## Similar

Written in his usual brilliant style, the author makes difficult mathematics look easy. This book is a very accessible source for much of what has been accomplished in the field.

Originally published in 1965.

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Milnor was awarded the Fields Medal (the mathematical equivalent of a Nobel Prize) in 1962 for his work in differential topology. He has since received the National Medal of Science (1967) and the Steele Prize from the American Mathematical Society twice (1982 and 2004) in recognition of his explanations of mathematical concepts across a wide range of scienti.c disciplines. The citation reads, "The phrase sublime elegance is rarely associated with mathematical exposition, but it applies to all of Milnor's writings. Reading his books, one is struck with the ease with which the subject is unfolding and it only becomes apparent after re.ection that this ease is the mark of a master.?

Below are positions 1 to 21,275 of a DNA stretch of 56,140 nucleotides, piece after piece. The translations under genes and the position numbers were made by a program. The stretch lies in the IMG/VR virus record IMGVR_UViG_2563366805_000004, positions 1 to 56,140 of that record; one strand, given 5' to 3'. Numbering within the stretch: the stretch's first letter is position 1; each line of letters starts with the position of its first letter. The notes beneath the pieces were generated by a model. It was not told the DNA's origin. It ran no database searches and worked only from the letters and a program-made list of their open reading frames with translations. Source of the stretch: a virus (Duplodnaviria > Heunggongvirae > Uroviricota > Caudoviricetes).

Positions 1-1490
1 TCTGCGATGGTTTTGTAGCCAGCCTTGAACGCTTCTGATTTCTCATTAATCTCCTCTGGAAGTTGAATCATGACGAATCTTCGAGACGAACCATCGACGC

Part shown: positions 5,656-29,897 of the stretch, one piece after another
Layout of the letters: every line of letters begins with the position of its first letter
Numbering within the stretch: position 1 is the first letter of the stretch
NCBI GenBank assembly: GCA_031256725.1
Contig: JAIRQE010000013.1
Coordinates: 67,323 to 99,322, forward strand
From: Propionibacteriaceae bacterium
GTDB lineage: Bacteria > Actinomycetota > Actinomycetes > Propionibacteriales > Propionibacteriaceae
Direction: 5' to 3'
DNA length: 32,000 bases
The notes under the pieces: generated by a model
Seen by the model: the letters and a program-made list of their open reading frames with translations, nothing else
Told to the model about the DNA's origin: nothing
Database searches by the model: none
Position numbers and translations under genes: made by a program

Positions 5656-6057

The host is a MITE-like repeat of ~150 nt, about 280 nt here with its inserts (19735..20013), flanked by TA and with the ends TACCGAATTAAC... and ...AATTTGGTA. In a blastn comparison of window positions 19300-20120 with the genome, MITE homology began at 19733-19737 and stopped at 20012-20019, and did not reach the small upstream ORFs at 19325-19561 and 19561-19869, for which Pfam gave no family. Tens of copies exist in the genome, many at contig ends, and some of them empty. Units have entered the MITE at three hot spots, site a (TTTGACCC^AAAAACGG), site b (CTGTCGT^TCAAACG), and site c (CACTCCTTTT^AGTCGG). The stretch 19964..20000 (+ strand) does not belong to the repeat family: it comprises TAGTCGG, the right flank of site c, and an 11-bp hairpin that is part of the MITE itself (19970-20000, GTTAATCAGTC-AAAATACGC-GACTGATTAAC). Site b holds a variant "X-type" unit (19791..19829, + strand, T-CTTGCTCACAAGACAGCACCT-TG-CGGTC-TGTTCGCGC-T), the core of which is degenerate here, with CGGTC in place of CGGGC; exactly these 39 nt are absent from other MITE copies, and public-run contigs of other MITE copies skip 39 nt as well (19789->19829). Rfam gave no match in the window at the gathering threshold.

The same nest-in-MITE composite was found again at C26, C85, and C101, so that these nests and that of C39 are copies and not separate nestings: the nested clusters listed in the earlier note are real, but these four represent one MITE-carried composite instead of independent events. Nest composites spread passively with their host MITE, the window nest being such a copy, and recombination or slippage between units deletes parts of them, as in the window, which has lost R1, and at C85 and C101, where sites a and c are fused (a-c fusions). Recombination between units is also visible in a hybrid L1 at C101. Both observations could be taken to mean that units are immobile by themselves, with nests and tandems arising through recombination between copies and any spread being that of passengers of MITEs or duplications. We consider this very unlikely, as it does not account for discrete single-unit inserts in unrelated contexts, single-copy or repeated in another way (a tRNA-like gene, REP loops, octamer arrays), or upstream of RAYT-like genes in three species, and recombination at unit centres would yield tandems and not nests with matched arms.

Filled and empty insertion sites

Milnor has published five books with Princeton University Press.

In this volume, the authors provide a thorough introduction to characteristic classes, with detailed studies of Stiefel-Whitney classes, Chern classes, Pontrjagin classes, and the Euler class. Three appendices cover the basics of cohomology theory and the differential forms approach to characteristic classes, and provide an account of Bernoulli numbers.

Based on lecture notes of John Milnor, which first appeared at Princeton University in 1957 and have been widely studied by graduate students of topology ever since, this published version has been completely revised and corrected.